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Endurance: Shackleton's Incredible Voyage (1959)

de Alfred Lansing

Outros autores: Veja a seção outros autores.

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5,1211252,130 (4.37)213
Biography & Autobiography. History. Nonfiction. HTML:

This is a new reading of the thrilling account of one of the most astonishing feats of exploration and human courage ever recorded.

In August of 1914, the British ship Endurance set sail for the South Atlantic. In October, 1915, still half a continent away from its intended base, the ship was trapped, then crushed in the ice. For five months, Sir Ernest Shackleton and his men, drifting on ice packs, were castaways in one of the most savage regions of the world.

Lansing describes how the men survived a 1,000-mile voyage in an open boat across the stormiest ocean in the world and an overland trek through forbidding glaciers and mountains. The book recounts a harrowing adventure, but ultimately it is the nobility of these men and their indefatigable will that shines through.

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… (mais)
  1. 30
    The Ice Master: The Doomed 1913 Voyage of the Karluk de Jennifer Niven (John_Vaughan)
  2. 10
    The Endurance: Shackleton's Legendary Antarctic Expedition de Caroline Alexander (chrisharpe)
  3. 10
    Miracle in the Andes: 72 Days on the Mountain and My Long Trek Home de Nando Parrado (caimanjosh)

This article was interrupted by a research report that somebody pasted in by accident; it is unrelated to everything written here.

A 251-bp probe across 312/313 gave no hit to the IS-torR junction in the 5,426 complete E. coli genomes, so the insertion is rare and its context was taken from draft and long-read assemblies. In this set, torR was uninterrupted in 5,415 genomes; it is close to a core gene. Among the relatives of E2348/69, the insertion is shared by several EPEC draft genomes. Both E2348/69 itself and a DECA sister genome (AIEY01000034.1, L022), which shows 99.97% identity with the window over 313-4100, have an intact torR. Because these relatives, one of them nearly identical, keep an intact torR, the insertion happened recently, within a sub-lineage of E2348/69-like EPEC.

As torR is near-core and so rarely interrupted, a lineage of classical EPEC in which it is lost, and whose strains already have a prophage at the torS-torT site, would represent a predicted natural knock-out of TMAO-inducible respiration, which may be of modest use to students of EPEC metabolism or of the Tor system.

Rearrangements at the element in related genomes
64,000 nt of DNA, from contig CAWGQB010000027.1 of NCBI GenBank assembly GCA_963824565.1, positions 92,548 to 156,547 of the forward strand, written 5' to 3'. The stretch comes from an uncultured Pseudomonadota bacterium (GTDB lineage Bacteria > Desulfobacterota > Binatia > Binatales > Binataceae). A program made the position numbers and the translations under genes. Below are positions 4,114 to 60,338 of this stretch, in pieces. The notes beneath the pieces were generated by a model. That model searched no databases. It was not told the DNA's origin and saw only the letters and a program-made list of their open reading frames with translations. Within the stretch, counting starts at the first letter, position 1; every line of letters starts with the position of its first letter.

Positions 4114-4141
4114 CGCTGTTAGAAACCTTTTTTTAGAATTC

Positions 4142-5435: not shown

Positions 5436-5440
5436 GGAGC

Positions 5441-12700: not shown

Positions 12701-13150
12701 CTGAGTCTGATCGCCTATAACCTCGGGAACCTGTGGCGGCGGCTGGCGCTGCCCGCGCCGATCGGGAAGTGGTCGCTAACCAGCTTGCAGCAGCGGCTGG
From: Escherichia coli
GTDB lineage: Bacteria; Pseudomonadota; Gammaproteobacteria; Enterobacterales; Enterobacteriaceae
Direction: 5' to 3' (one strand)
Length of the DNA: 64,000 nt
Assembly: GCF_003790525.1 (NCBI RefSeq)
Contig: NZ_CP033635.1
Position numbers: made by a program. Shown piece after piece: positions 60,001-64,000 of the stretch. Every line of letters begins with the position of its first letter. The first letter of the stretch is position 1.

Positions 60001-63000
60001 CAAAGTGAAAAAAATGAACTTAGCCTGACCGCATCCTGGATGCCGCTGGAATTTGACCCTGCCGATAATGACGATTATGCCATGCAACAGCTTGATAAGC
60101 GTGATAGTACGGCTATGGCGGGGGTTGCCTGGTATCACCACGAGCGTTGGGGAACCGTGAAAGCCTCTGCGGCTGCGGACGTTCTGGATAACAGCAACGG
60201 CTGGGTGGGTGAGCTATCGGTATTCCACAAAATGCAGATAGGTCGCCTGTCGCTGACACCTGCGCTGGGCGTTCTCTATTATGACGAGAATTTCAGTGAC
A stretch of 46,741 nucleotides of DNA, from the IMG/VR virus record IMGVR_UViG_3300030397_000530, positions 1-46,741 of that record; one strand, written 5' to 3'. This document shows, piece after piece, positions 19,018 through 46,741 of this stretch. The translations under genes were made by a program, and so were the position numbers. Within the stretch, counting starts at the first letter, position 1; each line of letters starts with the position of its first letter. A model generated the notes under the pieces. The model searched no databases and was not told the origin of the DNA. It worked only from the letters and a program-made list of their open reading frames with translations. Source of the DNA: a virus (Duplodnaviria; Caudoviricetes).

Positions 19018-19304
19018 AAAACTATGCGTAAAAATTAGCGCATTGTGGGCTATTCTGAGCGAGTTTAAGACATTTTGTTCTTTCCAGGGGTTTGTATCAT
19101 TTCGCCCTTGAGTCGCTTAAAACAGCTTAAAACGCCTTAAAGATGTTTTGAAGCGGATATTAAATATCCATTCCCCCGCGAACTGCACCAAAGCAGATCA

caimanjosh: This book clearly is somewhat different - there's no sea journeying involved - yet the themes of enduring terrible suffering and overcoming incredible hardships to effect a rescue of one's comrades are the same. Both are the most inspiring stories about the human spirit that I've ever read.… (mais)
  4. 00
    South: The Endurance Expedition de Ernest Shackleton (chrisharpe)
  5. 00
    Men Against the Sea de Charles Nordhoff (WildMaggie)
  6. 00
    Shackleton's Boat Journey de Frank Worsley (chrisharpe)
    chrisharpe: An account of the same journey by Endurance's Captain Worsley.
  7. 11
    The Odyssey de Homer (BookWallah)
    BookWallah: Odysseus & Shackleton both had travails getting home from their epic voyages. Differences in their stories: The former’s took 17 years, lost all his men, & was told as epic poetry. The latter’s took 16 months, saved all his men, & is told as gripping biography.… (mais)
  8. 00
    Trial by Ice: The True Story of Murder and Survival on the 1871 Polaris Expedition de Richard Parry (Pondlife)
    Pondlife: Endurance shows the positive effects of a great leader; trial by ice shows the negative effects of weak leadership.
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A liderança de Shackleton e a força desses homens são incríveis! Eles eram dum espécie que parece que não muito comum hoje.
  OJSchrock | Oct 31, 2015 |
sem resenhas | adicionar uma resenha

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Nome do autorFunçãoTipo de autorObra?Status
Alfred Lansingautor principaltodas as ediçõescalculado
Philbrick, NathanielIntroduçãoautor secundárioalgumas ediçõesconfirmado
Prebble, SimonNarradorautor secundárioalgumas ediçõesconfirmado
Steinel, WilliamDesigner da capaautor secundárioalgumas ediçõesconfirmado
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The order to abandon ship was given at 5 P.M.